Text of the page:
I love the holidays in Seville, which is good, because here they last from December to early June. The attitude seems to be: Why skimp on the fun? While many of these holidays are based on Catholic religious festivals, their roots are far older, lying deep in way our most ancient ancestors celebrated of the turning of the year and the coming of spring, making their appeal universal. So wherever you live and whatever traditions you honor, there’s no reason you can’t party like the Sevillanos. And the fiestas are just getting started...
Christmas, December 24 through January 6
Nothing says “sweet Jesus” quite like an all chocolate Nativity scene with a waterfall and lake of honey and some white chocolate swans. Historically inaccurate? Looking more like Babylon than Bethlehem? Who cares? The Sevillanos love their Nativity scenes. And family gatherings. On December 24 they hold a big family dinner, but this is just the warm-up for the main event on January 6.
New Year’s Eve, December 31
Want better luck in 2014? Then underneath your New Year’s Eve party duds, you’d better don red undergarments that you’ve received as a gift; they are sold everywhere in styles that range from nice to very naughty indeed. And at midnight, you’ll swallow one grape at each toll of the bell. This is harder than it sounds; be sure to peel the grapes ahead of time.
Los Reyes Magos (the Three Kings), January 5 & 6
In Spain, the Three Kings bring gifts to good boys and girls on January 6th, and on the eve of that happy event, the Cabalgata (Cavalcade) sweeps through Seville, distributing 80,000 kilos (176,000 pounds) of candy from 33 glittering floats. No Cabalgata in your neighborhood? Try throwing candy out the window to your kids and/or friends; they’ll soon get into the spirit of the season!
Semana Santa, the week before Easter
Every year 55 magnificent processions wind through the city day and night, with statues of a bleeding Jesus and a weeping Mary, and an entourage of nazarenos dressed in robes and conical hats (the ones that inspired the KKK outfits), making it pretty spooky around here, especially at night. For a homemade version of the festival, minus the hoods and the robes, see Cruz de Mayo below.
Feria de Abril, two weeks after Semana Santa
During this week-long marathon of all-night drinking and dancing, women dress up in eye-popping trajes de flamenca (flamenco outfits), long, skin-tight sheaths that erupt at the knee into cascades of enormous ruffles in vivid colors and patterns, mostly polka dots. No Feria in your town? Wear polka dots and stay up all night dancing and sipping ribujitos (very dry sherry mixed with a soft drink like 7up).
Romería del Rocío, held around Pentecost (49 days after Easter)
A pilgrimage to honor a sacred effigy of the Virgin in a vast wooded park, this fiesta involves walking or riding in an ox cart for days, wearing a looser style of the traje de flamenca, and partying under the stars late into the night. Don your polka dots, take a long walk in the country, than gather outdoors for cold beer and hot dancing.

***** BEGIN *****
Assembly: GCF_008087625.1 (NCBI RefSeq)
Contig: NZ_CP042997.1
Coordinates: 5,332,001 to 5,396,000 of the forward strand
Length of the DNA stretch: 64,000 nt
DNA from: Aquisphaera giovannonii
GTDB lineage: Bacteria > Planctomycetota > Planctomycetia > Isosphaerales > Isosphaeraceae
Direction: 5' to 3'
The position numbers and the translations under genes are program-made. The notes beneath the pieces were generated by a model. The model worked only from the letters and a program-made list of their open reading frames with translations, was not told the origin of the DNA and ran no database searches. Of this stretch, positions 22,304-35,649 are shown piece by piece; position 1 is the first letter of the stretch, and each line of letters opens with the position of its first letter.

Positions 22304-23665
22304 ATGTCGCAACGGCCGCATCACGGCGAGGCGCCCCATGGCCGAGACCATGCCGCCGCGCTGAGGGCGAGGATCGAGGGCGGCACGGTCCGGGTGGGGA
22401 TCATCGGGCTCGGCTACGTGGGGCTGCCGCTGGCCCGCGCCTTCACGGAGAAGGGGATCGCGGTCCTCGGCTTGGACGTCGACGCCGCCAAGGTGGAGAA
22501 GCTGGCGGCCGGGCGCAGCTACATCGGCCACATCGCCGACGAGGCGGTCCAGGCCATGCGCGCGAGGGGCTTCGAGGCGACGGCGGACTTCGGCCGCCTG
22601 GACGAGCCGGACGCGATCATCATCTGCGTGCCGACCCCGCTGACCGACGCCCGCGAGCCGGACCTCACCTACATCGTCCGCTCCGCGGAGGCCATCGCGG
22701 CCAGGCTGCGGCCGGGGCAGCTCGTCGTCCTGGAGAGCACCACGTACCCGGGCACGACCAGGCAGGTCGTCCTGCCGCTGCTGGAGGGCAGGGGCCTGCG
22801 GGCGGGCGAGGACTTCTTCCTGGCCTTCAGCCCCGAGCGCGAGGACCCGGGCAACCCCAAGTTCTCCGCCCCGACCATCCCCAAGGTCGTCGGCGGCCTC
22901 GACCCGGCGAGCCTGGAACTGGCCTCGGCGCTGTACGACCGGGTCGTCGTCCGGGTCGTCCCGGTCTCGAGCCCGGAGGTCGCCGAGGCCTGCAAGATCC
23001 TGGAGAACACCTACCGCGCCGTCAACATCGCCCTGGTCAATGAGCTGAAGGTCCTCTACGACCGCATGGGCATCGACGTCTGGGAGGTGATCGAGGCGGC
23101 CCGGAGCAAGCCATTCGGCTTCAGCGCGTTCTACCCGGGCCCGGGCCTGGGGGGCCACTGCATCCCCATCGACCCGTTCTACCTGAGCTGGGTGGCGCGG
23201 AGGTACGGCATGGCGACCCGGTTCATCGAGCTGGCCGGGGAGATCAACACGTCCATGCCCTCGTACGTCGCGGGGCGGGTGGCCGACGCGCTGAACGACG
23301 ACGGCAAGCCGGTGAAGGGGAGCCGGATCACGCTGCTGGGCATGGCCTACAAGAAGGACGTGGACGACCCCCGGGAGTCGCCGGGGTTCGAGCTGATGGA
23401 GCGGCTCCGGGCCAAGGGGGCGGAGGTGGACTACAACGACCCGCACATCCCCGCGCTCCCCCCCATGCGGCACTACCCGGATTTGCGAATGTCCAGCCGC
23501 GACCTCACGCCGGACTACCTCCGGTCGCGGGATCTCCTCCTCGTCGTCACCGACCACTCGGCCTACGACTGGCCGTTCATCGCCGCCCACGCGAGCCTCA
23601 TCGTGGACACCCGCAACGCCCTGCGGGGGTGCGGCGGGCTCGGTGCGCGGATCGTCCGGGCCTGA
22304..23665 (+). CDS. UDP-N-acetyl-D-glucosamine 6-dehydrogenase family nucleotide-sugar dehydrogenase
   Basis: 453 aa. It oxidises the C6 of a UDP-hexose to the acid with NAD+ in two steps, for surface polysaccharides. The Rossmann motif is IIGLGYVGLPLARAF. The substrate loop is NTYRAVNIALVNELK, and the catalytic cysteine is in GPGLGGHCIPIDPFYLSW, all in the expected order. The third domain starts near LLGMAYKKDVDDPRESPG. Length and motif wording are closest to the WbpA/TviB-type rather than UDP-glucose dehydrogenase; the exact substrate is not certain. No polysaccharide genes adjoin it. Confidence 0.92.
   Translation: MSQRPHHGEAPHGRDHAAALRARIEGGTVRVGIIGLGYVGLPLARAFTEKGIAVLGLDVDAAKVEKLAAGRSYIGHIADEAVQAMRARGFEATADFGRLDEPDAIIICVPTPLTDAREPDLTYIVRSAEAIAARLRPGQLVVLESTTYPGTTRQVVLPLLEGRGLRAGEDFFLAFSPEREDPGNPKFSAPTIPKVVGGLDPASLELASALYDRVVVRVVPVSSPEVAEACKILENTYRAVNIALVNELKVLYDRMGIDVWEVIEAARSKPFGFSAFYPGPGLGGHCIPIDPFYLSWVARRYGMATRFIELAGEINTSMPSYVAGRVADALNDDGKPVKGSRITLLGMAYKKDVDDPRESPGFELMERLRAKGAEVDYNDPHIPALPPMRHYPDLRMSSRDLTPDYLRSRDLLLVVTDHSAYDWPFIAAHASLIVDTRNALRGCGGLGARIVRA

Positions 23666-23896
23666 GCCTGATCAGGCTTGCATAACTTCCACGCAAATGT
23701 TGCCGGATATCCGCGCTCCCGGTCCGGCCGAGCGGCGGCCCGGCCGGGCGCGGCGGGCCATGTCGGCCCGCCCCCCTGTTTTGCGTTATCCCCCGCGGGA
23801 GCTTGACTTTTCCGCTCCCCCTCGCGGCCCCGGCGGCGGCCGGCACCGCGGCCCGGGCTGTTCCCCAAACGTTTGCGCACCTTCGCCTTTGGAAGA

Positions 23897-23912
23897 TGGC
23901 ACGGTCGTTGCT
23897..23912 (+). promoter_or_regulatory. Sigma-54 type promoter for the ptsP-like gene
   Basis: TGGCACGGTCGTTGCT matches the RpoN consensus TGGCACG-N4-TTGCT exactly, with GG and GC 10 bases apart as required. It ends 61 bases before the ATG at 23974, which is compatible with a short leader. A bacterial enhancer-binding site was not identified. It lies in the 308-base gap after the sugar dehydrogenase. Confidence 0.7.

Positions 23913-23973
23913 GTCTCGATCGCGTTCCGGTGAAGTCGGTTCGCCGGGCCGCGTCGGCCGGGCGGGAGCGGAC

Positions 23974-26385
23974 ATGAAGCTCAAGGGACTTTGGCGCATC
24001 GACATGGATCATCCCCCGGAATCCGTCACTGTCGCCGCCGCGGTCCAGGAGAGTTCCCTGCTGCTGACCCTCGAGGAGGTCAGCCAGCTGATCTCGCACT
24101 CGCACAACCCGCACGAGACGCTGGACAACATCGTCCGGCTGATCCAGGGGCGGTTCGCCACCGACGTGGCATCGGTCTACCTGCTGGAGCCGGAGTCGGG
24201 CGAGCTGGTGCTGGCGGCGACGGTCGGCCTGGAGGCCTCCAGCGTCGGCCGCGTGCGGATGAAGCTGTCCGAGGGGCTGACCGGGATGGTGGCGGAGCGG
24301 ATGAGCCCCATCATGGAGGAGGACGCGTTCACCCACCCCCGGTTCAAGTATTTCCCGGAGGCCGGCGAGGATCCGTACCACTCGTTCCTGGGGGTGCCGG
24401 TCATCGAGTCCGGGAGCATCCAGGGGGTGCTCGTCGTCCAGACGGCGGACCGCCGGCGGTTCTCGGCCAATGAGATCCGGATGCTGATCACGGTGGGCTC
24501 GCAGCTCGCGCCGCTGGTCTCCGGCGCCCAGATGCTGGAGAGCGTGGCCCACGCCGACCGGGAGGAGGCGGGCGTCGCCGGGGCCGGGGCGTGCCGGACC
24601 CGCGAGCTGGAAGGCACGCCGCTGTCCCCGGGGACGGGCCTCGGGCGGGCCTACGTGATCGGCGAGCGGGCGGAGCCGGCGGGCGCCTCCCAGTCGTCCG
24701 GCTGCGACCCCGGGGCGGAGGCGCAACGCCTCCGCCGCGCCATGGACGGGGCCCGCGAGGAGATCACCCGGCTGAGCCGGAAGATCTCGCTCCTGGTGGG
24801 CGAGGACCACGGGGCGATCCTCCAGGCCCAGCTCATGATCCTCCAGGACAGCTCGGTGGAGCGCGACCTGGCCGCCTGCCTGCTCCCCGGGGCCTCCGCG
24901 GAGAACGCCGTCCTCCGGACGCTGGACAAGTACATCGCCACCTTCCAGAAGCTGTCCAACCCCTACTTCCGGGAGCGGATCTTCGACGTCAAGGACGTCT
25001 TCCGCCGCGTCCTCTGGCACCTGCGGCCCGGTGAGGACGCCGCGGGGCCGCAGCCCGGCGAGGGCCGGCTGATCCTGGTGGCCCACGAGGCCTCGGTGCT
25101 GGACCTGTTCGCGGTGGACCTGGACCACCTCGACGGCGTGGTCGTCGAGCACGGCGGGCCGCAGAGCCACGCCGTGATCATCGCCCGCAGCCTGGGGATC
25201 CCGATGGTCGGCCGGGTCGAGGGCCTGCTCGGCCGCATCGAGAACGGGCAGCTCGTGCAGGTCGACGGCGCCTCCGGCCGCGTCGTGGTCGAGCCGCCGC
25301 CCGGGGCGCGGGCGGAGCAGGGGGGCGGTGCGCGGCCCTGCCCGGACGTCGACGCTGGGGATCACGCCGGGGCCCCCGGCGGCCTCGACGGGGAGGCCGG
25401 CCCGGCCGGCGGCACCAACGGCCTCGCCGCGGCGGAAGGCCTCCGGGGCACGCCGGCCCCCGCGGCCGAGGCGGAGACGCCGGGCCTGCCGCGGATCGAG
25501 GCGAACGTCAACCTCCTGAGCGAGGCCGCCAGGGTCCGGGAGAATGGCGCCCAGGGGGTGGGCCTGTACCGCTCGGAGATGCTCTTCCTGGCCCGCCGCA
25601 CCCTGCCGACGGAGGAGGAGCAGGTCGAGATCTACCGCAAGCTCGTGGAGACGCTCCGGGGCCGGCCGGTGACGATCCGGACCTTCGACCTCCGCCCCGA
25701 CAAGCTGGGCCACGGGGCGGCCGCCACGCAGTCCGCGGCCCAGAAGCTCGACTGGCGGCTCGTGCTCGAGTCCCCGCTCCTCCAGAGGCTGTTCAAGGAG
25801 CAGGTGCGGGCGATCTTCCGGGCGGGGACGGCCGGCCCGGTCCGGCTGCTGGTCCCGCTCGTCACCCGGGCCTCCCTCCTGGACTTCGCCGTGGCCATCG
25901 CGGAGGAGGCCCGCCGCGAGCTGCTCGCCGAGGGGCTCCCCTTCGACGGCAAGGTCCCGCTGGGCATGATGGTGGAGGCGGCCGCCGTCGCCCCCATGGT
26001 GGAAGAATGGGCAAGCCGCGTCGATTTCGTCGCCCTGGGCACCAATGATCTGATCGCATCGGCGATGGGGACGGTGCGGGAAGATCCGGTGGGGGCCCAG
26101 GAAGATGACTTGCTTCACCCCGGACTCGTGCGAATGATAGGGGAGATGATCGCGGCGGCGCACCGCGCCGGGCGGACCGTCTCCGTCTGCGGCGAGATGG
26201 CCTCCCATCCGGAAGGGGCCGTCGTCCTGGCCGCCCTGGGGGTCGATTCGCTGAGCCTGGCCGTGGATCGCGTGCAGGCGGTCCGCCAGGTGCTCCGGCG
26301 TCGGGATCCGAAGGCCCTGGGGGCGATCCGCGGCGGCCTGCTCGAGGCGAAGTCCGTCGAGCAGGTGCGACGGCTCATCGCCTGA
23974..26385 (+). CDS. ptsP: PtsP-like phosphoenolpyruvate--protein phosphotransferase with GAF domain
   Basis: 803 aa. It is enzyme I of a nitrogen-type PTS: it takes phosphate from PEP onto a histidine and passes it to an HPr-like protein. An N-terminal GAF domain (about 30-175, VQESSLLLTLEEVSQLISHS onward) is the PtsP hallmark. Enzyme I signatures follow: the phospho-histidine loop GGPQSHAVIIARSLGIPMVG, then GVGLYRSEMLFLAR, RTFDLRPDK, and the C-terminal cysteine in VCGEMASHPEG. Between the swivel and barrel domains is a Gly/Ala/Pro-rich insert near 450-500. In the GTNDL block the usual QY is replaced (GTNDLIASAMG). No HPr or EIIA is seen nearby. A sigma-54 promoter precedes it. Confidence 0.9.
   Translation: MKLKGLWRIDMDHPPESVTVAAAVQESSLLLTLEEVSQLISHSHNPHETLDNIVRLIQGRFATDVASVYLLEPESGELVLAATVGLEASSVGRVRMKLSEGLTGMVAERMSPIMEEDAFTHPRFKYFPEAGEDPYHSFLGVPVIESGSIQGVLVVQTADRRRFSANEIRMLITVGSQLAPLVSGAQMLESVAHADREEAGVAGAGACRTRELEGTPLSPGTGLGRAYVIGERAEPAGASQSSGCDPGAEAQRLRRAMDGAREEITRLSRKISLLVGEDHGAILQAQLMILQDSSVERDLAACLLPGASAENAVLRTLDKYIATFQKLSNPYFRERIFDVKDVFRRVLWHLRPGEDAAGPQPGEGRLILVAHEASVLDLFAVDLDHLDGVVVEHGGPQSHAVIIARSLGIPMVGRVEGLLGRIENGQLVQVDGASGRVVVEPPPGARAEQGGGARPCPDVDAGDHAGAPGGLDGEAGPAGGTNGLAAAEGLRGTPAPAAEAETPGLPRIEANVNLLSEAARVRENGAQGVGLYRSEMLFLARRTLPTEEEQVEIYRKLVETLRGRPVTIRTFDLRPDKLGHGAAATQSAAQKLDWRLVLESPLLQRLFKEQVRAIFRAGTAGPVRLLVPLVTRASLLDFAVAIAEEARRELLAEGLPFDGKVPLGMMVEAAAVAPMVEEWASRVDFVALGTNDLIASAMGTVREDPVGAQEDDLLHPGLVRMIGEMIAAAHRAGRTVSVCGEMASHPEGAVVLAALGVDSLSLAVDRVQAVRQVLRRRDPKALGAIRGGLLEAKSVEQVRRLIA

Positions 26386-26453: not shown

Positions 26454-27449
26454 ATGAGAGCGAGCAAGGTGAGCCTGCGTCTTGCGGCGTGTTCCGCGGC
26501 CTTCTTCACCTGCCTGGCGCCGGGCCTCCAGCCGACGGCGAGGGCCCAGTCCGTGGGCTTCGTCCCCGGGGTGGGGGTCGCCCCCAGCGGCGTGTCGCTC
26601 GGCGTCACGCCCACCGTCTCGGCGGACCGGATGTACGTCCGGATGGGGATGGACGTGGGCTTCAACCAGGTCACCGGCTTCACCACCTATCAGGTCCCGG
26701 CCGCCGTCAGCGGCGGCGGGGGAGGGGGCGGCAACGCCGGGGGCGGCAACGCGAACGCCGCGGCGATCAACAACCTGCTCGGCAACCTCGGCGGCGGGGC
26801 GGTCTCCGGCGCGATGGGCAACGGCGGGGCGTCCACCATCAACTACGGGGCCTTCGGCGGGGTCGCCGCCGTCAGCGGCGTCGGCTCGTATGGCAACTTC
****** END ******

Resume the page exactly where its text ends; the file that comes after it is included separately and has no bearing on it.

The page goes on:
Cruz de Mayo, May & early June
Now it’s the kids’ turn to stage processions, usually little home-made floats with a wooden cross carried by the neighborhood boys while the girls collect money to pay for the materials. If your kids don’t seem keen to try this, you can always revert to a Romería del Rocío party, which occurs around the same time.
With these holidays, Seville marks the entire transition from the shortest, darkest days of winter to the full blossoming of summer, from the dying of the old year to the coming of age of another generation of children. They believe that every day is something to celebrate, and I’m with them all the way on that. Cheers!
12/26/2013 09:44:22 am
I love all the holidays. And if the ones you describe aren't enough, there is always the surprise of a raggedy band suddenly appearing on the streets blasting away!
12/27/2013 01:40:33 am
So true, Nancy! The bands pop up seemingly at random, and lately we've had an influx of really talented street musicians; I think they're fleeing colder weather up north. So the streets are filled with classical music, pop duos, and of course, gypsies playing the Anniversary Waltz and Besame Mucho. I love having a sound track for my day!
12/27/2013 01:44:48 am
Yes, there's never a dull moment around here. These big holidays burst on the scene like skyrockets, eclipsing everything else for a while. And just when you start to settle down again, along comes another one. Keeps us all on our toes!
12/26/2013 01:18:19 pm
Oh...how I miss Seville and you and Rich! We will miss you at our ' New Beginnings' New Years Eve party but will be thinking of you. Love, Anne and David
12/27/2013 01:47:08 am
Anne & David, have you asked all your guests to wear their red undergarments and be prepared to chug 12 grapes at midnight? I'm sure they'd appreciate the luck these traditions bring!
12/27/2013 08:09:10 am
"New Kid" I wish you and your wonderful &talented wife Karen a very happy, joyous, and healthy holiday season and the same for the second half of the year as well. Love the blog and keeping up with "y'all" during the year. cheers and "fair winds and a following sea"...Glad you continue to seek out the best pubs. Do any really stand up to the Phu Quoc Junk Beer Hall??
12/29/2013 12:03:50 pm
Welcome back home Karen and Rich! I'm sure by now you're back into the swing of things here in good 'ole Sevilla.
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TO I'm an American travel writer based in Seville, Spain.
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